This was followed by Bagni di Lucca’s own librarian, Dr. Angela Amadei’s paper on “La wunderkammer di un bibliofilo: il lascito di Ian Greenlees” which dealt with the logistical problems of the Greenlees bequest of books to Bagni di Lucca’s library in 1991. A catalogue is the nexus of any library and the problems of cataloguing Ian’s huge collection were legion. The books had to be stored satisfactorily as several of them had already begun to show signs of decay. They had to be separated into chronological order of publication (which not unusually coincided with their intrinsic value). In addition, the books had to be distinguished from their archival value. Here Angela showed how many of the books carried dedications from distinguished Italian writers contemporary with Greenlees: Moravia, Morante and, in particular, Soldati. Several of these dedications evidenced how intimate the ties between Greenlees and the cultural milieu and intelligentsia of post-war Italy were.
This intimacy was further developed by Tommaso Maria Rossi’s paper on the archival aspect of the Greenlees collection. This brilliant young man, who has already worked on other notable Luccan papers, emphasized the complication of having both bibliographical and archival aspects intermingled in the bequest Greenlees left Bagni di Lucca.
Fabio Carapezza Guttuso’s contribution on the relation between Greenlees and the great Italian painter Renato Guttuso was a tour-de-force. Delivered without notes or hesitation and in the clearest and most impeccable Italian, Fabio, (who is also a major political figure in Rome’s prefecture) emphasized the warm relationship between the two men: a relationship which led to Guttuso’s portrait of Ian, the only portrait of someone in uniform he ever painted. In addition, through the Greenlees connection, Guttuso painted the portrait of one of the provosts, of my Cambridge college, Noel Annan:
(Guttuso’s study for the portrait of Noel Annan)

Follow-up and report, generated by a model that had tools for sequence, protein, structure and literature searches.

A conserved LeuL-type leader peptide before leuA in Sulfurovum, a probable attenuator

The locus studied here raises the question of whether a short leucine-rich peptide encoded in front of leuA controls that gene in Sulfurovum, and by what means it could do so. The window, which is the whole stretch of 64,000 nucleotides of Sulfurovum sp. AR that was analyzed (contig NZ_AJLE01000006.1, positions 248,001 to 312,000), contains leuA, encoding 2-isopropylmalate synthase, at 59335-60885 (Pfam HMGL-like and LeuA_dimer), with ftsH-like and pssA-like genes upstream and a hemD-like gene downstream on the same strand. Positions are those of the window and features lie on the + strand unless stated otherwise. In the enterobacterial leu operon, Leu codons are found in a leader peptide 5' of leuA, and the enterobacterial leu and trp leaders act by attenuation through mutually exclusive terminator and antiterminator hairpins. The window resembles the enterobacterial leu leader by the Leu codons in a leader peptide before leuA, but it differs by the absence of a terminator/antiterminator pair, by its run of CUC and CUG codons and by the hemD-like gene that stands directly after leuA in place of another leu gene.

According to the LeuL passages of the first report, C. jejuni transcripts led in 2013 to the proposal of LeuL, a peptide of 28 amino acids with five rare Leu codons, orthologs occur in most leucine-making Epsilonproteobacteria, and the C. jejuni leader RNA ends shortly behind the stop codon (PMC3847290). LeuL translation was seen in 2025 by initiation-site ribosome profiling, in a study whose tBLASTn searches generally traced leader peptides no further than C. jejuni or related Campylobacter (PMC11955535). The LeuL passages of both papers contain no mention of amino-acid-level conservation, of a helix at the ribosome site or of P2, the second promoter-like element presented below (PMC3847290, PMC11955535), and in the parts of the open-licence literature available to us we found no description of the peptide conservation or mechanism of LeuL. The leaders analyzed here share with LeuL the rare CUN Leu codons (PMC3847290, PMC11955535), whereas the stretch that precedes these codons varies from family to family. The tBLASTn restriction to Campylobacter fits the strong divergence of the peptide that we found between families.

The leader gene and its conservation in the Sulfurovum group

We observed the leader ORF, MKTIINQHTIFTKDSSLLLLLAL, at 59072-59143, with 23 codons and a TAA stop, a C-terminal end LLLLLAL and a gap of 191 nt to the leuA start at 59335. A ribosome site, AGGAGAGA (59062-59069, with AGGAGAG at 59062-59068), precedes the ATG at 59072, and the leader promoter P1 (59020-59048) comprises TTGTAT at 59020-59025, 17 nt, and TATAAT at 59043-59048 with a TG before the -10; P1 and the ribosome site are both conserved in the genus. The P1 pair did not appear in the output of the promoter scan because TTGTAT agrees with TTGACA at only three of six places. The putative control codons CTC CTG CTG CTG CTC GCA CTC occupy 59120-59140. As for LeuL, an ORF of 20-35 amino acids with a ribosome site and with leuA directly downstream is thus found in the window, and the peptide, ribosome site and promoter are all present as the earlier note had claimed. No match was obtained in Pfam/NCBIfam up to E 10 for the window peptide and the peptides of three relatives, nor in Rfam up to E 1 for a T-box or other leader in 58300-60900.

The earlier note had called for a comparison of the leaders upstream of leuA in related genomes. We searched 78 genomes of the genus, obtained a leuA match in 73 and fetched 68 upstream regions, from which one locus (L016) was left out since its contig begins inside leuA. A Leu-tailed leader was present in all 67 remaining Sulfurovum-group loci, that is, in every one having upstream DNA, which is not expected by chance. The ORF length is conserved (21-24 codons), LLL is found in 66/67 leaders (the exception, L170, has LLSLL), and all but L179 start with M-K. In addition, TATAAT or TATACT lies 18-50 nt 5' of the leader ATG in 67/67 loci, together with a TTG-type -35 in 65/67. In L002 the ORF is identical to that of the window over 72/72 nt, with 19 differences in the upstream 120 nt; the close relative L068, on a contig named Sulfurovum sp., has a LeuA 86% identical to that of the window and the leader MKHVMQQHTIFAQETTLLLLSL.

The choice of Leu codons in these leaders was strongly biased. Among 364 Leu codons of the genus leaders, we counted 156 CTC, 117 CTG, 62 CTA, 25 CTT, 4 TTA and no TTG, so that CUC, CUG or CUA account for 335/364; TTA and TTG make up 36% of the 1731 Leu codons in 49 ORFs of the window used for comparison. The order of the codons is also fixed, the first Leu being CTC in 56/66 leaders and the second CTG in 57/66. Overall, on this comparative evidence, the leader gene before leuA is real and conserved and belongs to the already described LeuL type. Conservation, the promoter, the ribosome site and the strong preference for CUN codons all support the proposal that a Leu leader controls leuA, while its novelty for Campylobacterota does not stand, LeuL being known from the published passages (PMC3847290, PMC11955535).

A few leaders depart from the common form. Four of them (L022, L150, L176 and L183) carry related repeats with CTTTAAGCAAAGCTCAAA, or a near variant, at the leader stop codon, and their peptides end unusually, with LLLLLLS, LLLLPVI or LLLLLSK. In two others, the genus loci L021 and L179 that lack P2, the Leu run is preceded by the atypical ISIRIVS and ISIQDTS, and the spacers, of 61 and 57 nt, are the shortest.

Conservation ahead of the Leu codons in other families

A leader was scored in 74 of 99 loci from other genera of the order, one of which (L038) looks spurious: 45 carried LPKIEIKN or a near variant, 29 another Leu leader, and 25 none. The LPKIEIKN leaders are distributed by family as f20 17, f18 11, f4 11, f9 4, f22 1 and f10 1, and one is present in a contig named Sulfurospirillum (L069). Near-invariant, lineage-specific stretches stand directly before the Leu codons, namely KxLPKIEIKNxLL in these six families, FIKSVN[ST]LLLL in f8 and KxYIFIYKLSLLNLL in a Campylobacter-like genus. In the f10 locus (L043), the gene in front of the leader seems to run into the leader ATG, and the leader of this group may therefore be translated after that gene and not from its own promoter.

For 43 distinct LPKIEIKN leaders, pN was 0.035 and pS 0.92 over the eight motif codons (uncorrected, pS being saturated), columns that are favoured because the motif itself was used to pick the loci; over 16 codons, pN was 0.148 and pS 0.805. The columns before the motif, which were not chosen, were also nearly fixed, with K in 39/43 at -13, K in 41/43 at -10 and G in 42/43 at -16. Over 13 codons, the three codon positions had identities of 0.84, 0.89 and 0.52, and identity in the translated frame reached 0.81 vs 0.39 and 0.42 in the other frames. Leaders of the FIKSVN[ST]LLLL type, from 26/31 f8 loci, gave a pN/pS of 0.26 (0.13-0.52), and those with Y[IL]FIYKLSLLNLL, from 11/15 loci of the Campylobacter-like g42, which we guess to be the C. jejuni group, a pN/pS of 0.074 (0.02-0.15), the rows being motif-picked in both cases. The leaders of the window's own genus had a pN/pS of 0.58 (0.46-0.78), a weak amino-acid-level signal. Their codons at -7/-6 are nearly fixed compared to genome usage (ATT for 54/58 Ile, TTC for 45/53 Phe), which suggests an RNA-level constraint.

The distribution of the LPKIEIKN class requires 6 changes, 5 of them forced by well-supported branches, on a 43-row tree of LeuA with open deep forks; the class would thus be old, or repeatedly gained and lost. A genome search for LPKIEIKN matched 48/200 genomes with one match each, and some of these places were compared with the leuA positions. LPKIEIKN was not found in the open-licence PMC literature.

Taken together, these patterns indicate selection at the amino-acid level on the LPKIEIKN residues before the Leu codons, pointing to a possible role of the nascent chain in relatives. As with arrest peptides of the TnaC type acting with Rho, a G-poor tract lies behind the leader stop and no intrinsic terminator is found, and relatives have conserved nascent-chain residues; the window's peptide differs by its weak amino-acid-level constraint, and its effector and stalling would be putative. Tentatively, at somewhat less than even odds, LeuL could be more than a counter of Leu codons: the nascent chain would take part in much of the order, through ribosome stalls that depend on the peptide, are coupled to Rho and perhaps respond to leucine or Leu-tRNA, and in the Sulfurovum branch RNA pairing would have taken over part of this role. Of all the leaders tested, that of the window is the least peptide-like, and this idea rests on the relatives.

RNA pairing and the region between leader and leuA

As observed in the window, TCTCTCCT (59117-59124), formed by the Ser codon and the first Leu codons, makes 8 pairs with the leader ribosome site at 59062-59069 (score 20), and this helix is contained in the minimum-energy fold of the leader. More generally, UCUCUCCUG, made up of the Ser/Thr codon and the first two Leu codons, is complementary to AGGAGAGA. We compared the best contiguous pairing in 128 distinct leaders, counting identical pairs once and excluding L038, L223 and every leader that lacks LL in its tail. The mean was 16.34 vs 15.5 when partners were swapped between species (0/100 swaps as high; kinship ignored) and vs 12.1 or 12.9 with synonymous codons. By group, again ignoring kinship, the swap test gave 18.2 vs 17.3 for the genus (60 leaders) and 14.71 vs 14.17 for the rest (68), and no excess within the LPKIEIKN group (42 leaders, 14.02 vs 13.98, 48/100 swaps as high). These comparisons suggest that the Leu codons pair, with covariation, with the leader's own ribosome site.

Guttuso also had one of his paintings bought by the Tate, years before his supreme artistic worth was recognised there. Rome’s prefect discussed the problem that Guttuso and other painters (including Picasso) had with the post-war western European cold-war situation in being accepted when they were card-carrying communists.
These problems were elided by the extraordinarily connecting character of Ian Greenlees. Like Janet Ross a hundred years previously, he was the “royal exchange” of Anglo-Tuscan, even Anglo-Italian, relationships. In a pre-facebook page this role would have been particularly necessary and quite outstanding. Ian had the knack of getting like-minded (and not-so-like minded) people to meet each, connect and discuss their ideas and develop positively and valuably. For Ian, Bagni di Lucca was an essential place in which to develop these networks. It was, in his words, “my favourite place in Italy” and he envied those who were actually born there.
In this respect I find a parallel between the kind of person Ian was and the kind of person other distinguished Italophiles were, in particular Kenneth “civilization” Clark. Here was a person all too rare today: someone who hardly ever lost their temper, someone who could listen to and guide his guests’ conversations, someone who charmed both Italian and English society, who contributed valuably towards restoring anglo-italian relationships soured by WWII, someone who my wife remembers with affection as he frequented the Italian Institute in London (where her father was secretary-general and where they lived), someone who was both empathic and “simpatico”.
How desperately lacking today is Bagni di Lucca in such men! –